Thursday, August 11, 2011
It's not a standoff if you begin to stand down before you've really stood up. We desperately need to be seeing a lot more of our President right now. That is to say, we need to be seeing much more of the version of the man we thought we elected, and much less of the man we have increasingly begun to suspect that he actually is. That's what frightens me: the identity issue. Did somebody catch their forty winks next to a pod on inauguration night?
It's not just the number of press conferences he holds, or how many interviews he sits for; it's also the tone of those appearances, and the behind-the-scenes "negotiations" which thoroughly misunderstand both the dynamics of the game and the role of a leader. In the context of recent negotiations, he seems to have neglected what I would call Rule Number One: NEVER make concessions to bullies and expect them to compromise in return. They will always view it as a simple victory, another validating stamp for their superior position, and keep trying to push you even further. To the bully, it scans as weakness. If you don't seize the discursive field decisively with such people, you will never gain any control over the flow of play. And as our leader, if you let them play you, you've let them play us.
It has been said—and I suspect there's something to the notion—that not even the President can change the public's mind if it's already made up. But he ought to be able to at least get out in front when public opinion is squarely in his corner—surely that couldn't be construed as going beyond his brief. (Minimally, this means immediate job-oriented stimulus and letting the "dumb then and dumber now" Bush tax cuts for the oligarchs mercifully expire.) And were he to make a valiant and concerted effort to that end, he would almost certainly find that even his enemies would accord him a grudging respect. To be fair, that is why we hired him. The idea is to move the ball as far as humanly possible, with the passion and eloquence that becomes a leader, in the direction you believe to be right—before you begin negotiating. But his tentativeness makes us question both his commitment to his position and his resolve--two things you don't want to have up in the air when you come to the table.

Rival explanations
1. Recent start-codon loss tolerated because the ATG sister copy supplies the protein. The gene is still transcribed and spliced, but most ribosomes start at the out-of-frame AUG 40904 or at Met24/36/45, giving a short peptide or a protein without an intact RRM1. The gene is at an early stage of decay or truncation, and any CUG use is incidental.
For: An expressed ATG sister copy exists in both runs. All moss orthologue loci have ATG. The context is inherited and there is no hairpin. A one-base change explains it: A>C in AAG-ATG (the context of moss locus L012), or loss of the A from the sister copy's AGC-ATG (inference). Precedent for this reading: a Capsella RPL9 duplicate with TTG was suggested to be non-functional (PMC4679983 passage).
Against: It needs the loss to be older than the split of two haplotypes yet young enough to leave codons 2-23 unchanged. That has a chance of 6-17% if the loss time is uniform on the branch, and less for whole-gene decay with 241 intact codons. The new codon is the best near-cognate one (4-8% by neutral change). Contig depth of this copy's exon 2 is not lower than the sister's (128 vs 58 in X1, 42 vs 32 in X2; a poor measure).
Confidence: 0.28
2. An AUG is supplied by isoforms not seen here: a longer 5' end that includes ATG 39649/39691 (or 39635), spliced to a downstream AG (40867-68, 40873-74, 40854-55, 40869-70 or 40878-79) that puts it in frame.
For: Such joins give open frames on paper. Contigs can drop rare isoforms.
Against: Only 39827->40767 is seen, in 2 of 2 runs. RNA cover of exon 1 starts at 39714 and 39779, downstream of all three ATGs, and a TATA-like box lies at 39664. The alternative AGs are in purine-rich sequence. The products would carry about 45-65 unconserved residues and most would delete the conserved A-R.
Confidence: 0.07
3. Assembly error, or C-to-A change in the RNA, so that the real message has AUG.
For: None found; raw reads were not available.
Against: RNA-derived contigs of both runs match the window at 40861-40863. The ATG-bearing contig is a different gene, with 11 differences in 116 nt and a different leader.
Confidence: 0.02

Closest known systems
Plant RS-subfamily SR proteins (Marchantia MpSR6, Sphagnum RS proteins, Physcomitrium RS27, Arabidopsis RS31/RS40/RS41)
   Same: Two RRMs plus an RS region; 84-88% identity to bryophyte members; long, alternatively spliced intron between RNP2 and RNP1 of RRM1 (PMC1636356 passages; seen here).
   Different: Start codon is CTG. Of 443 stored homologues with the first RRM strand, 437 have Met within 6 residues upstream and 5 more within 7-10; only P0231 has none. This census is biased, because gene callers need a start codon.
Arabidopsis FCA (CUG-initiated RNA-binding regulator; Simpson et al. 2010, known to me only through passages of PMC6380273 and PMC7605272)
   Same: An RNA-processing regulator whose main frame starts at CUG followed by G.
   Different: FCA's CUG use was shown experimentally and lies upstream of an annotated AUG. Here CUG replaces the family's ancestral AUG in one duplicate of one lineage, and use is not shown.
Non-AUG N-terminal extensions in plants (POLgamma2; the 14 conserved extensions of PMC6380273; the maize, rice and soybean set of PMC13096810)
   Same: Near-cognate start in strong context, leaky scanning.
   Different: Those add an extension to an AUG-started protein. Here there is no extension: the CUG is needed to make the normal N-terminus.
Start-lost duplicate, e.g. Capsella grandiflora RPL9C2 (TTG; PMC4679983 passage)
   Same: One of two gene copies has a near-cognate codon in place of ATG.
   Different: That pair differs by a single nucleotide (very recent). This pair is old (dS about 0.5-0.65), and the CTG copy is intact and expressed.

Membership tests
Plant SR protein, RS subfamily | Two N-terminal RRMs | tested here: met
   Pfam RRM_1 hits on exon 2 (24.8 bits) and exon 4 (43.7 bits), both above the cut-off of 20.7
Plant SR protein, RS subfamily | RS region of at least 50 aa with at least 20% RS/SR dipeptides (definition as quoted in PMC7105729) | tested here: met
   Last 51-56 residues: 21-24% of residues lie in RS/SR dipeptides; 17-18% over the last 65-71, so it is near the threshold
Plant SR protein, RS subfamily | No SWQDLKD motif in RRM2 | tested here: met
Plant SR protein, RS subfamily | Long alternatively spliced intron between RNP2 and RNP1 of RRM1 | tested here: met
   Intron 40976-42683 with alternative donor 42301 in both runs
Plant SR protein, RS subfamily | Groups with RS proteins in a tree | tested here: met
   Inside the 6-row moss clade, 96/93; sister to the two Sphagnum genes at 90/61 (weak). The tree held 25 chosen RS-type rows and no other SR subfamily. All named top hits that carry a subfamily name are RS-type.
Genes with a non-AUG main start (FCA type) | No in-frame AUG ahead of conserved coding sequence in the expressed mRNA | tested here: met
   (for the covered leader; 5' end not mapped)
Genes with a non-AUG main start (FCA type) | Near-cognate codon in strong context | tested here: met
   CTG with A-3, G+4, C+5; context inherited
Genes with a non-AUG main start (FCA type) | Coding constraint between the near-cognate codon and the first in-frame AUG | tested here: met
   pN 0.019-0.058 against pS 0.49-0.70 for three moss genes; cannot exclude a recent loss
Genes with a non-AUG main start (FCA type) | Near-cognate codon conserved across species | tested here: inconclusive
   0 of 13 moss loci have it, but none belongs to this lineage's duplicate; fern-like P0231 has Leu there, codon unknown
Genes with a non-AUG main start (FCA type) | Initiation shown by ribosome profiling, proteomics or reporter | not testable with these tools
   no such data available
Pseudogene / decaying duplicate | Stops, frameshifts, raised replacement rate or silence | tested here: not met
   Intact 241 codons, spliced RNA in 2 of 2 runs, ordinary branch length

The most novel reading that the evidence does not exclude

It takes a lot of strength and inner intensity, not to mention resilience, to hold such a line. There's no shame in not possessing these qualities; you just don't want to be the guy running the ball if you lack them. Charisma and deep intelligence will not suffice without the fierce courage of your convictions. That courage tends to work even when those convictions are misplaced; it becomes even more critical when the convictions are arrived at rationally and thoughtfully, and when the world is in crisis mode.
Obama's greatest asset, given his rhetorical skills, is his pulpit. If he is hoping that the GOP will overplay their hand and leave him ahead at the end of next year, well, then I fervently hope that he's right about that. I fear that will not be the case. And I pointedly question any decision to rely on that sort of too-clever legerdemain rather than stepping out in front and nailing his theses to the church door. One of your most powerful perquisites, when you hold the office of President, is that it offers you the opportunity to establish a new frame, a new narrative. Sure, your natural enemies will oppose you vociferously—that's what they're there for—but they aren't the POTUS. And don't think that they (and everybody else) don't know that too! Unless you, yourself, forget...
Obama is the greatest campaigner I've ever seen. I will always love the man, come what may. But my esteem for him as an advocate for America is dwindling by the hour. I am ashamed that he seems so constitutionally averse to making enemies, because effective leadership so often demands just that—and because the nature of your enemies can be just as telling as that of your friends. Calculating a clever strategy is also important, as far as it goes. But if, in the clutch, that strategy does not involve getting out in front powerfully and decisively to oppose those who are pushing in the wrong direction, and staying there with his jaw set and his back unbowed, then He. Is. No. Leader. He may be a lot of splendid and charming things, but if he lacks that iron will and that sense of moment when the moment is dire, then he lacks what the moment requires.
I'm afraid it's time to step up or step off. A lot of lives and livelihoods depend on it. I believe he that can do it, but that's not the point, is it?. He needs to do it now—because while we have already lost much, we could always lose much, much more.